My husband doesn’t look like an arsonist but a former neighbor and aspiring novelist, David Frankel, recalls on his new blog the time when Kevin set the Salmon Creek hills on fire.   David gets a few details wrong but the story is well written and funny.

How to Catch a Rattlesnake

by dustybritches

If you want to catch a rattlesnake, the very first item on your list would be to locate one.

One of the best ways to find a rattler is to be a twelve year old boy, riding all over the Northern California hills with your younger brother, the Horse Liar, and the Supergirls, your neighbors and henchpersons in crime. Grow your stunningly blonde hair into a long ponytail, lose the shirt, and you’re all set to get started.

Ride around aimlessly for a few hours, so as to lull any snakes in the area into a false sense of security. This will also give the temperature time to get scorching hot, rendering the reptiles torpid, and the humans involved, stupid. Start cruising the areas near the creek, as it’s a likely spot to find your prey. It’s also as far from the roads as you can get, which will come in handy as the day progresses.

As luck would have it, you locate a likely victim, sunning himself at the foot of a spreading old live oak tree. He’s got those tell-tale diamonds on his back, fading into a deep green, denoting his membership in the Timber Rattler Clan. At four plus feet long, he will make a great trophy when you return triumphantly to your tribe, the Mud House People.

Unfortunately, Mr. Snake is not in a cooperative mood today, perhaps because you were so rude as to wake His Irritableness up. At any rate, before you have a chance to snatch him up barehanded and ride home bareback with your furious trophy wriggling in your pearly white teeth, the ungrateful bastard has the temerity to slide into his previously unnoticed burrow beneath the roots of the oak.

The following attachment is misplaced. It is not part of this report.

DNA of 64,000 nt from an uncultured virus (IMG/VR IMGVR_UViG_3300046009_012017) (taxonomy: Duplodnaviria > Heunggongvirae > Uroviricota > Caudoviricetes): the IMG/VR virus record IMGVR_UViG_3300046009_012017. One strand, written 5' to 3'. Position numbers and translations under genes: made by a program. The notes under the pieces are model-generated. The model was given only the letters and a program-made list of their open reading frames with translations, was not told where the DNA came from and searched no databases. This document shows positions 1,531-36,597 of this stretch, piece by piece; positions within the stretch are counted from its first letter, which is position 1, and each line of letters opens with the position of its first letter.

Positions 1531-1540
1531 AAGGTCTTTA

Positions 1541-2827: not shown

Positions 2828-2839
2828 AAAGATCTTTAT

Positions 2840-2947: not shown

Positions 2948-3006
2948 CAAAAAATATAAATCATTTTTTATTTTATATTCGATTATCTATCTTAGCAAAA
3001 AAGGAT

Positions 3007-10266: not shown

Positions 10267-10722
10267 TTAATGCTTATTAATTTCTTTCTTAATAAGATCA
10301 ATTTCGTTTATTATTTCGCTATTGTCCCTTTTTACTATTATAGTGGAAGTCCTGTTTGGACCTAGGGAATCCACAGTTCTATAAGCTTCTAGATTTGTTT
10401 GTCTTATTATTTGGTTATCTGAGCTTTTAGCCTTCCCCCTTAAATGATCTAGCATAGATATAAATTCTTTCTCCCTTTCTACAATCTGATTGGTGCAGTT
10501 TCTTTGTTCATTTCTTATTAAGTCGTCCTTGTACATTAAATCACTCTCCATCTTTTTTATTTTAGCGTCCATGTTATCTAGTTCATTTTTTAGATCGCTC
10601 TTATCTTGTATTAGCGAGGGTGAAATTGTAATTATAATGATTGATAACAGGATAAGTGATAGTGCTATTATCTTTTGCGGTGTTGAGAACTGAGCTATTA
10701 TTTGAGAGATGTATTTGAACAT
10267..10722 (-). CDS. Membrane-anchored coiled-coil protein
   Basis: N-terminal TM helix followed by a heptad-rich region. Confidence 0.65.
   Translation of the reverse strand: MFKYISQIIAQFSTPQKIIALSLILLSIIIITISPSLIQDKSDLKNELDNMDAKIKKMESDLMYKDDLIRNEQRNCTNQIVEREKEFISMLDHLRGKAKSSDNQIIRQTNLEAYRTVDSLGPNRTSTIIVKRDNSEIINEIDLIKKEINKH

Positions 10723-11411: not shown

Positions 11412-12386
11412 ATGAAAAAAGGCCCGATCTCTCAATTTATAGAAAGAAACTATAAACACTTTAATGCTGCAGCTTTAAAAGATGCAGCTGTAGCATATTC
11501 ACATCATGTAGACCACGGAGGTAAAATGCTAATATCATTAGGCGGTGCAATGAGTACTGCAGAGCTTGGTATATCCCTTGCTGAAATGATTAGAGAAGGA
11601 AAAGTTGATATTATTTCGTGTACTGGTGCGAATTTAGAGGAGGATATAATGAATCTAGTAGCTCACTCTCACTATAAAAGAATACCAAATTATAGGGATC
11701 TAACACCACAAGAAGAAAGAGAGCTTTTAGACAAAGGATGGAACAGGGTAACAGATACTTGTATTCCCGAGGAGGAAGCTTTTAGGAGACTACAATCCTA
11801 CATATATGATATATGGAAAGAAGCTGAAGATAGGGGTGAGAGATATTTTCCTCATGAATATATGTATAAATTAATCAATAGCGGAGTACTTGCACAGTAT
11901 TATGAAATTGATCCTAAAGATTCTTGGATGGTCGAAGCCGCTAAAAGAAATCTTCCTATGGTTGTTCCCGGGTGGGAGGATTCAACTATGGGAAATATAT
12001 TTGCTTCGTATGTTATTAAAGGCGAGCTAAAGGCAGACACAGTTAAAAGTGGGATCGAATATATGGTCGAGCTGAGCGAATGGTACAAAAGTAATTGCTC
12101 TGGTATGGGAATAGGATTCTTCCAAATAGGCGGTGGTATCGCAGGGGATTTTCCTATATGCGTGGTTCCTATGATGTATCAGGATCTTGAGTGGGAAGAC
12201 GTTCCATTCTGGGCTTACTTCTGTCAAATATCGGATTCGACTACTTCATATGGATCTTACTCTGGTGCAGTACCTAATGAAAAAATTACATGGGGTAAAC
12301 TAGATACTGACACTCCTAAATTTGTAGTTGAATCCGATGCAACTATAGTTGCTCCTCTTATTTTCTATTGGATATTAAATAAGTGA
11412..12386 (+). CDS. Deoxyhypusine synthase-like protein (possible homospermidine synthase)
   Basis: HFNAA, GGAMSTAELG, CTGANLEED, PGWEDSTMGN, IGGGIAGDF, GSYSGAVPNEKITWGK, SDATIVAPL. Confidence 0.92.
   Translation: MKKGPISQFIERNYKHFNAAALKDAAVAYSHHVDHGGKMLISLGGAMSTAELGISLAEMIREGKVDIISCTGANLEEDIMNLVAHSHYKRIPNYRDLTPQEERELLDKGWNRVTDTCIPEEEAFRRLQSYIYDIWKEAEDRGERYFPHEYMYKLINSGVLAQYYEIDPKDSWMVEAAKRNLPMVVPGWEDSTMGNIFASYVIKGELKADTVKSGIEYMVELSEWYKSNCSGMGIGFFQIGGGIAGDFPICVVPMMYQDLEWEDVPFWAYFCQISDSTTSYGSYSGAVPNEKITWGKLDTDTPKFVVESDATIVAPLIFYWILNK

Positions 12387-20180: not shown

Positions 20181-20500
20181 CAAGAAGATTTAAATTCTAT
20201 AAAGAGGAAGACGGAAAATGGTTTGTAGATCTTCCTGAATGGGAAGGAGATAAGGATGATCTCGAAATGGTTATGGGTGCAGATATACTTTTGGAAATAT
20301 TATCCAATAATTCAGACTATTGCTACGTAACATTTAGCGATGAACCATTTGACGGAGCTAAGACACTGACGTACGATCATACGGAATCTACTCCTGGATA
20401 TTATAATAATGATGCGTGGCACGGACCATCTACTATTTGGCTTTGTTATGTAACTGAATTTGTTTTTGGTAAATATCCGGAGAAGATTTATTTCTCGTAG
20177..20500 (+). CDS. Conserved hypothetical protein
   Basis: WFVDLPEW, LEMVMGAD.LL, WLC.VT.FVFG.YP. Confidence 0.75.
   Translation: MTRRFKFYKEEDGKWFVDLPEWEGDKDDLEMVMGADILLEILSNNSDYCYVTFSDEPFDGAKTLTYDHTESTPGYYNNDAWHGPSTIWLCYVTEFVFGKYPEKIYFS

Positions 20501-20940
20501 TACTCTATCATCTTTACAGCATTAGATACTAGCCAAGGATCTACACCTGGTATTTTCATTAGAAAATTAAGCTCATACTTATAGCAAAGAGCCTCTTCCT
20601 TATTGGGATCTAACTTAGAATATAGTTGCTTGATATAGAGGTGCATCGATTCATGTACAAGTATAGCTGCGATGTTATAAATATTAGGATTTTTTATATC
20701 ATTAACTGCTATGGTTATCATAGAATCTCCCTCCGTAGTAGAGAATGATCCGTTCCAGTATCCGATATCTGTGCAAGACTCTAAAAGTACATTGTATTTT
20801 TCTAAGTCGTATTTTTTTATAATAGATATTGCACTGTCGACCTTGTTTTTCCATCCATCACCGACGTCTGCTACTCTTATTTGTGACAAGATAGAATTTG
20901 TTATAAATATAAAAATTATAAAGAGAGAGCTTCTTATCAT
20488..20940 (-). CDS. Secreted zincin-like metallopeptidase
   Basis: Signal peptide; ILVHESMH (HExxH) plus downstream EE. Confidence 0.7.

So there you are, with no snake, your cohorts trying halfheartedly not to laugh, and you gotta come up with plan B. Being a young male, there are any number of choices you can make here, but the somehow all the ones that appeal the most involve the misuse of fire. Most of a young man’s teenage years are spent searching for situations in which a little arson is the appropriate tactic, but since such circumstances never been known in all of human history to actually occur, you sometimes have to just forge ahead regardless.

A thorough education consisting of reading every novel Louis Lamour ever wrote is all any country kid needs, and what would Louis’ heroes do? They would gather a a pile of dry grass and twigs, and smoke the varmint out. Only in the books, the smoke goes down, and in our woods this blazingly hot summer day, the dry tinder hardly smokes at all, and it’s all going up the tree, not down the snake hole.

Curiously enough, the flames are going up the tree, too. They also are sending out scouts of flame into the surrounding meadows, and sensing no resistance from the dry grass, immediately rampage out of control.

A Western Hero always owns up to his mistakes, so you cowboy up, ride a mile to the nearest phone, and call in the fire report. With the local volunteer firefighters and the State firecrews all alerted and arriving imminently, you thoughtfully fade away in the direction of home, not wanting to distract the firefighters with your presence.

A good fire is just too exciting to ride away from, however, so you compromise by circulating around out of sight, watching the fun.

Read the rest of the story here.  (Just remember that my husband did come back and fight the fire all day.)


Photo by Daniel Montoya